What have you found to be the main ignorance people have towards homosexuality?
The same problem surrounding a hundred other issues: Be it race and religion to gender or sexuality, it’s not anyone’s business to judge, shame or try to control someone else. Whether the root is believed to be biological or choice, a passing fancy or an integral part of whom that person is, you don’t get to decide what is allowable for anyone else. It’s okay for people to be different and for you to allow others to be different. You are responsible for your own choices – not anyone else’s. Live and let live… unless you want others taking away your right and ability to choose what is right for you based on their beliefs. Most recently this has manifested in my life from other gay men as I have begun exploring bisexuality with more and more female subs coming to me. I am amazed by the dismissiveness and shaming I am receiving. People do like to enforce their own boundaries on others. (Sing it Charles!!!)
As an educator, what have you found people are missing out when it comes to learning about the history of those who have paved the way for our freedoms to live according our beliefs and our lifestyles.
We are often our own worst enemies. Every generation thinks they are the ones who are getting it right for the first time and that those that came before or will come after don’t have a clue. This is made worse by people who are largely unaware of their history and don’t have any interest in discovering it past a few headlines or soundbites. I also find every generation tends to look at the past though only the lens of the present and without trying to understand the circumstances of the time. This leads to reinterpreting, editing and adapting and often rewriting history to suit current narratives rather than appreciating it for what it was and where it came from. A good example is Marsha P. Johnson who was an amazing and fascinating personality, but despite her own words on the matter, she is now constantly being rewritten from a self-identifying drag queen who joined in the Stonewall riots after they had started to a transsexual who was in the bar when it began and ignited it herself (a myth Sylvia Rivera started and promulgated years later).
So many lazily read one article or pop culture snippet of history and stop there instead of digging deeper in search of a more balanced truth and the origin of the myths. It’s like taking Shakespeare’s The Tragedy of Macbeth (written circa 1606) which was in turned based on material taken from Holinshed's Chronicles of England, Scotland, and Ireland (circa 1577) as truth when the play bears very little resemblance to the story of the real king, Mac Bethad mac Findláich who was born around 1005. The play is of course far better known than the truth that inspired it.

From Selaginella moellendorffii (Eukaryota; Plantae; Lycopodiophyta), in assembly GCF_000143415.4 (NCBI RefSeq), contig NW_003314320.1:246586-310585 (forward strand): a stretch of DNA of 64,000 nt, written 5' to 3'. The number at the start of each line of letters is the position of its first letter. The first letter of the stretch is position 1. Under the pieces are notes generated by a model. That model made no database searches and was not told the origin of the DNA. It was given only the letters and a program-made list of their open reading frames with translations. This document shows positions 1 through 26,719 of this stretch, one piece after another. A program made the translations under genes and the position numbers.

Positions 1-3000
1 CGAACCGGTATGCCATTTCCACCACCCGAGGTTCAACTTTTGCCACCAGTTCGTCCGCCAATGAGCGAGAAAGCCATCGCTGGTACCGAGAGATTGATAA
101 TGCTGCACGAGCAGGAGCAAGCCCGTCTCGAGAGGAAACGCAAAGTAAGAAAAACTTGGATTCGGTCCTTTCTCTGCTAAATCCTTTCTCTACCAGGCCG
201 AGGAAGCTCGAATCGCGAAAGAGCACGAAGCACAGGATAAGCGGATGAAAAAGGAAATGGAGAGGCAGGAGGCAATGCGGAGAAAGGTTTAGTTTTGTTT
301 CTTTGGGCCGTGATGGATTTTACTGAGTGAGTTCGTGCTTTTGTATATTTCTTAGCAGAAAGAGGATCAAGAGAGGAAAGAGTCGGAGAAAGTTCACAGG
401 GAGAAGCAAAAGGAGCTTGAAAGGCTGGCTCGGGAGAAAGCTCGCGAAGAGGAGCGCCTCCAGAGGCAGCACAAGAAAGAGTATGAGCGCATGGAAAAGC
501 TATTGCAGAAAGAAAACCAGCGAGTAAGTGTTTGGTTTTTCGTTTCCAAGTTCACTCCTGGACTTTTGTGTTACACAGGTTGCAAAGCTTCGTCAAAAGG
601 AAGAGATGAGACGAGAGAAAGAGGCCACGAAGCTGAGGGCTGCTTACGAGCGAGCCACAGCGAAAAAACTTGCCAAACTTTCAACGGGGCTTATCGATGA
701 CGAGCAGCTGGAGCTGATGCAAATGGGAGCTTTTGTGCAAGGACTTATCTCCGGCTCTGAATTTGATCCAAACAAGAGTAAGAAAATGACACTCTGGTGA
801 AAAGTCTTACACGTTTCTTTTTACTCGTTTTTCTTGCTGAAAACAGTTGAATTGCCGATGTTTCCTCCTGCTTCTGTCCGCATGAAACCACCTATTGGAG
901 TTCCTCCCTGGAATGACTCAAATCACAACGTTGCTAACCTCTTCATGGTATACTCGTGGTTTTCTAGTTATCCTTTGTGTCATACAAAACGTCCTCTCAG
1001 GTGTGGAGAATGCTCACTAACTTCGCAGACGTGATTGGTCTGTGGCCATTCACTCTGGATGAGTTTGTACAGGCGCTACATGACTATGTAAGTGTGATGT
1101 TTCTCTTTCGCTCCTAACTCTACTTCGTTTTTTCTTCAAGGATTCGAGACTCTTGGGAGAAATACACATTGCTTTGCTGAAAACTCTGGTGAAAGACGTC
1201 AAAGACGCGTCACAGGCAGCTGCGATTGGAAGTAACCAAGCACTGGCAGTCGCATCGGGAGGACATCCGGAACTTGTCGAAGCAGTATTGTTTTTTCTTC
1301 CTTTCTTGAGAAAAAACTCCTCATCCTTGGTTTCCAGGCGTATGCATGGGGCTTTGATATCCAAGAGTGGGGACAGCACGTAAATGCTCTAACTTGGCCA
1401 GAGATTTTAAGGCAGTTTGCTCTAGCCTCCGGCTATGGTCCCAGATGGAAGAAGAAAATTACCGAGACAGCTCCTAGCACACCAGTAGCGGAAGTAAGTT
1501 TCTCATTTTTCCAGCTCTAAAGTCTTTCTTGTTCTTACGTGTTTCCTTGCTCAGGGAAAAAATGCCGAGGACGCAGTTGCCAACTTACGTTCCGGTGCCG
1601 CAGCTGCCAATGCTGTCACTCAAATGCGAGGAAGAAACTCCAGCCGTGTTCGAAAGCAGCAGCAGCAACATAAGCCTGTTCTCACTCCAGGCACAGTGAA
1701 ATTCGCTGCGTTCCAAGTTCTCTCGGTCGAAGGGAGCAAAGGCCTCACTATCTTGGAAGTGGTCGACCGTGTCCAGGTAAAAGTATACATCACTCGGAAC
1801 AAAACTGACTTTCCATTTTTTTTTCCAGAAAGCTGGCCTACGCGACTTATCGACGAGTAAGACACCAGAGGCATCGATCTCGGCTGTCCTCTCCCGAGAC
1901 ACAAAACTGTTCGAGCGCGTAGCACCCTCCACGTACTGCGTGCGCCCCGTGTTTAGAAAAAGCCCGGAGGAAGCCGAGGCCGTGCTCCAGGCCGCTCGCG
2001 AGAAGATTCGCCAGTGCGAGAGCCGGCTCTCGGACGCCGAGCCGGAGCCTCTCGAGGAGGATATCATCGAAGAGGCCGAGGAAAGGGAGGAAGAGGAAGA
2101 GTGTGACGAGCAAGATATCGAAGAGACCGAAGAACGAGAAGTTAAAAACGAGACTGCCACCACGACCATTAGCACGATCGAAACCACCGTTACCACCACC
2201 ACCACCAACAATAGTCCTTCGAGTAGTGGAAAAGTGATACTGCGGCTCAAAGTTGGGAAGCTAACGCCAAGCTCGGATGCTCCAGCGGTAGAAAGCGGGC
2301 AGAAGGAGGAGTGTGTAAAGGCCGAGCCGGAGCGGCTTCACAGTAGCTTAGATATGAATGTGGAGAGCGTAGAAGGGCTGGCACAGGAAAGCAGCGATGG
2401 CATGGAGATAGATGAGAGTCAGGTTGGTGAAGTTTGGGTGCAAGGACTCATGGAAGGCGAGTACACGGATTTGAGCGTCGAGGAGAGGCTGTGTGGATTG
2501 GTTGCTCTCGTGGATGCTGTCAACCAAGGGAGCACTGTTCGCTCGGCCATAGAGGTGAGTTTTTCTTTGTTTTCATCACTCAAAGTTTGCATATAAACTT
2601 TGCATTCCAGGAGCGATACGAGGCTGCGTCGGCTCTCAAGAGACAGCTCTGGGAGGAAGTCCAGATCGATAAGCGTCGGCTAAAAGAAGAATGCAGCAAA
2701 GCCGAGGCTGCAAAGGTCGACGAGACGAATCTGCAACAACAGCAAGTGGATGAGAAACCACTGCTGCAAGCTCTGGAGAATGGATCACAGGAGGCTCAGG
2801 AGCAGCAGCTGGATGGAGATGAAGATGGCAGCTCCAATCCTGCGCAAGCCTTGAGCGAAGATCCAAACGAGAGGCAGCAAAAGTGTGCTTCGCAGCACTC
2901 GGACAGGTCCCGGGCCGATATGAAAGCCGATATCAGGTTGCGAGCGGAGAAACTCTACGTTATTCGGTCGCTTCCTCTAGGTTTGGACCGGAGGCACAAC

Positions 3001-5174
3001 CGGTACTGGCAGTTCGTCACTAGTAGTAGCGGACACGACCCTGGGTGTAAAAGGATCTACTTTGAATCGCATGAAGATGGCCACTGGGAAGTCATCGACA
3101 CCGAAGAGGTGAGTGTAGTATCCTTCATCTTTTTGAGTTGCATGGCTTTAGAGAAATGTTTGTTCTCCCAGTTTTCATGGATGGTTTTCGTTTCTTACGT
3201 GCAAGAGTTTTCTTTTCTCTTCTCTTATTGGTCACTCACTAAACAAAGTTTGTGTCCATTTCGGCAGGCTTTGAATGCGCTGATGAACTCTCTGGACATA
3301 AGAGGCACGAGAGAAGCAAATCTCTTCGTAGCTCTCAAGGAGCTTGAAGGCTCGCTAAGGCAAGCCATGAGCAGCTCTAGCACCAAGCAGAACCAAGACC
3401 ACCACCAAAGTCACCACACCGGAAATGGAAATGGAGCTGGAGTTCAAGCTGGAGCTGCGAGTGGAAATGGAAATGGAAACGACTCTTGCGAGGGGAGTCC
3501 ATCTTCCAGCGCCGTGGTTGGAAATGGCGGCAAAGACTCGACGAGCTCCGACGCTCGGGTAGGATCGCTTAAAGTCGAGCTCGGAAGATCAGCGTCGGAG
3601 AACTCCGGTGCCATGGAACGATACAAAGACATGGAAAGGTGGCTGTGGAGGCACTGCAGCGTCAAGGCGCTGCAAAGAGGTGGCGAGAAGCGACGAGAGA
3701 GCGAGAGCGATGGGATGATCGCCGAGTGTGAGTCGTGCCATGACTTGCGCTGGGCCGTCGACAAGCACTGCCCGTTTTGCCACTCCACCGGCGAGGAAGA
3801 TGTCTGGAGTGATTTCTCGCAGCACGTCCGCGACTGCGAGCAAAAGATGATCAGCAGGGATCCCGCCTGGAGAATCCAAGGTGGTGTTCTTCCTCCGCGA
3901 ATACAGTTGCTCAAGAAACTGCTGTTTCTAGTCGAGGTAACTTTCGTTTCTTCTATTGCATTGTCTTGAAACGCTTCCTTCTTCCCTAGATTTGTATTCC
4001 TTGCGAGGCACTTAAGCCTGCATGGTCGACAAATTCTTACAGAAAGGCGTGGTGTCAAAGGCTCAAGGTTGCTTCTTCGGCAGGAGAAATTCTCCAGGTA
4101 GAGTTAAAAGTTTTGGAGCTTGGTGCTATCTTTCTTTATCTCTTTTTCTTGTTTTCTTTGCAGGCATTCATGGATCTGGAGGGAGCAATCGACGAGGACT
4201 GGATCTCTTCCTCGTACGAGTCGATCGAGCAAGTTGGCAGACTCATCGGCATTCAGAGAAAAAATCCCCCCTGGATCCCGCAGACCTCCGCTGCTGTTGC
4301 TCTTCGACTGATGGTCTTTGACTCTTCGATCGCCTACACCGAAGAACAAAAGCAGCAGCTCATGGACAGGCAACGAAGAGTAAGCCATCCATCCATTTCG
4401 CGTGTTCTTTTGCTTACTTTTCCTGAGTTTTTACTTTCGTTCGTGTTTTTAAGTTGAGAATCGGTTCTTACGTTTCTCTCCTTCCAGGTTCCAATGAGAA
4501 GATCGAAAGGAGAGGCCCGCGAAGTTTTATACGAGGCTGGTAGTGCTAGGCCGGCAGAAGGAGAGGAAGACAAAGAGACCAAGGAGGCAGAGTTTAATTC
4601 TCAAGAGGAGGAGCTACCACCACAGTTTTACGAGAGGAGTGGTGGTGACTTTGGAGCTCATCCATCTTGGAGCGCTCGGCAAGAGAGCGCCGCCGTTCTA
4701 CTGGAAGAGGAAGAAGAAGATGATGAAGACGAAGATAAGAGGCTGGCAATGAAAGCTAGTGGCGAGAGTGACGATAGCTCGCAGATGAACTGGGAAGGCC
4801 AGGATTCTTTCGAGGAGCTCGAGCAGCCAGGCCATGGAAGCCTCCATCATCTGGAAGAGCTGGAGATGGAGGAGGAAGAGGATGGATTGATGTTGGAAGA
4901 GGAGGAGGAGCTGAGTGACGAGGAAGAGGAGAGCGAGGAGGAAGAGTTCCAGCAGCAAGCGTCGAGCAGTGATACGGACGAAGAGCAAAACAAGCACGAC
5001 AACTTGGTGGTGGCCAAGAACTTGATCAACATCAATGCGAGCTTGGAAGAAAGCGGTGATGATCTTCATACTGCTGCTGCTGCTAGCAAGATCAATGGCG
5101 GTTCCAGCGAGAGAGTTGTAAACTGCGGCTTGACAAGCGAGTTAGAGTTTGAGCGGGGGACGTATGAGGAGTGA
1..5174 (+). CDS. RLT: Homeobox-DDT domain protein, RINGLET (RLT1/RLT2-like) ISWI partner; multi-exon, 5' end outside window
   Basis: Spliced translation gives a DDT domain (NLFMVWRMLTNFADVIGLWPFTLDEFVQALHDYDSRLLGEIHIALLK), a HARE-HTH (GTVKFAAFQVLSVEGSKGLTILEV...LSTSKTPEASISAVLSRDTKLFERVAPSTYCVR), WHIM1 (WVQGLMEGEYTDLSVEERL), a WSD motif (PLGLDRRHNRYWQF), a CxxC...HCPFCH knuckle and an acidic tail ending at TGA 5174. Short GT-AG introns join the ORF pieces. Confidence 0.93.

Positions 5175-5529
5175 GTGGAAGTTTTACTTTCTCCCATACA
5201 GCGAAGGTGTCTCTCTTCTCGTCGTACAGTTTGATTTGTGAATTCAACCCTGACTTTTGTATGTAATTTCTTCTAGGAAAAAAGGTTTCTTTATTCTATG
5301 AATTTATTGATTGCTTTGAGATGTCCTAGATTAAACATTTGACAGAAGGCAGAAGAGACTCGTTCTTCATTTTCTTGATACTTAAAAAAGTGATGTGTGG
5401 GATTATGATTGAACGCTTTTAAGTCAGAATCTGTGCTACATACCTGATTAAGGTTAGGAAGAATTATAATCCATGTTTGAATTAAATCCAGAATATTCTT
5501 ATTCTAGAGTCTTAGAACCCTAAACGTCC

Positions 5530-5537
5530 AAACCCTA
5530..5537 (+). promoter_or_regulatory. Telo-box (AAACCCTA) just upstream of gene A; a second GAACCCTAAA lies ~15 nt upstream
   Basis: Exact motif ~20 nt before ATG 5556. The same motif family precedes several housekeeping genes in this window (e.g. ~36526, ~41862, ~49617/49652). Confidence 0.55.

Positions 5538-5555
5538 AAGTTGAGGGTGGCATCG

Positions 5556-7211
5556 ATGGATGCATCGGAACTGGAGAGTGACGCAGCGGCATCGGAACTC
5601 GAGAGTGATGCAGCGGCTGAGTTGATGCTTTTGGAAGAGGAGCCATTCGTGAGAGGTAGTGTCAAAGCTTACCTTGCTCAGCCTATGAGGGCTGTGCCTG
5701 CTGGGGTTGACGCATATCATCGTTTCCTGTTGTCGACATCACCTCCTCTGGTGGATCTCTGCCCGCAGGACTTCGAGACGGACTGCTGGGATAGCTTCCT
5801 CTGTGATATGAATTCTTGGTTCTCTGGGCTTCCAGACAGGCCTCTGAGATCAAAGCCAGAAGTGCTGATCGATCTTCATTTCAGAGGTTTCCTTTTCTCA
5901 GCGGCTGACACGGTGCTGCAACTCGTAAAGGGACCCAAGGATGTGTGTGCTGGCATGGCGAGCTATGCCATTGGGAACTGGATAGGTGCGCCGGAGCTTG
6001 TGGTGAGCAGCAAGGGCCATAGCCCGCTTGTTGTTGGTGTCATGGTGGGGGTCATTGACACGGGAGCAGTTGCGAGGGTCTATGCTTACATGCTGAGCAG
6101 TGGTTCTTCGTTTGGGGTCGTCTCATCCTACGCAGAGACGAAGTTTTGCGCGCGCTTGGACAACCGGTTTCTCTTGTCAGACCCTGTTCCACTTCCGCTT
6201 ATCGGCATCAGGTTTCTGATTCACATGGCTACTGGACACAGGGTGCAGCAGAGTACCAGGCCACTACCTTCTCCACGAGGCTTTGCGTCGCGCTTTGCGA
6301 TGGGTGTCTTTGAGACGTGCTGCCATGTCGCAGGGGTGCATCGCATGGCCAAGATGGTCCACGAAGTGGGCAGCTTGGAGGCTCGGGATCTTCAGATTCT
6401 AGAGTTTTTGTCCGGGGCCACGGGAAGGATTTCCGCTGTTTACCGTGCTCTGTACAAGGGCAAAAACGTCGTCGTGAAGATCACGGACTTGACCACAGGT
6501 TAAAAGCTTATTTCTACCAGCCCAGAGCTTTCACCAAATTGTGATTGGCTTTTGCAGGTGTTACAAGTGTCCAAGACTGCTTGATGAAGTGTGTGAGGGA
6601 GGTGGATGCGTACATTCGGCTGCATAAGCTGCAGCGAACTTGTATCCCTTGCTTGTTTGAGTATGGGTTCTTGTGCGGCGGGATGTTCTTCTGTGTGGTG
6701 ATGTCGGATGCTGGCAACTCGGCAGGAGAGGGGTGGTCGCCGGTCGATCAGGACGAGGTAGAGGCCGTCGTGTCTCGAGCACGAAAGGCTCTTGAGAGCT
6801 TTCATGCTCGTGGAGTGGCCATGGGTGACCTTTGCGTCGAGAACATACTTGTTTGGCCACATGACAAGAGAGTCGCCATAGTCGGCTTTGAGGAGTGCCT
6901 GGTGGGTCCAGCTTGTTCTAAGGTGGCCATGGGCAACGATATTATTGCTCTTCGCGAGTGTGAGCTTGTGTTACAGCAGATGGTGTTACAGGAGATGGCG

When you read these names and/or events, what feelings come about for you personally and professionally...?
Harvey Milk – LOVE. Love, love, love his story. And from the documentary The Mayor of Castro Street to the film Milk his story has entered popular culture in a caring, effective and fairly accurate retelling. I was pleased when a poster I designed for a Harvey Milk Day event received praise from his nephew – LGBT activist Stuart Milk
Harry Hay and the Mattachine Society – CURIOSITY. I’ve yet to delve beyond a fairly rudimentary understanding of Mattachine. It’s an interesting group and pre-Stonewall story. Harry was a remarkable force. Some aspects of his beliefs and personality are problematic for modern audiences who prefer their heroes pure and without controversy. These include his involvement in the Communist Party (which the hierarchy of Mattachine was based on later causing division) and his championing of the North American Man/Boy Love Association (NAMBLA). Even in these instances I have to admire him for standing up for what he believed in even when it was at odds with popular opinion or the assimilationist movement still strong today that would whitewash queer culture to make it easier to pander to heteronormative supporters, His major part in founding the Radical Faeries (members of which would found the Sisters of Perpetual Indulgence shortly after) deserves much respect.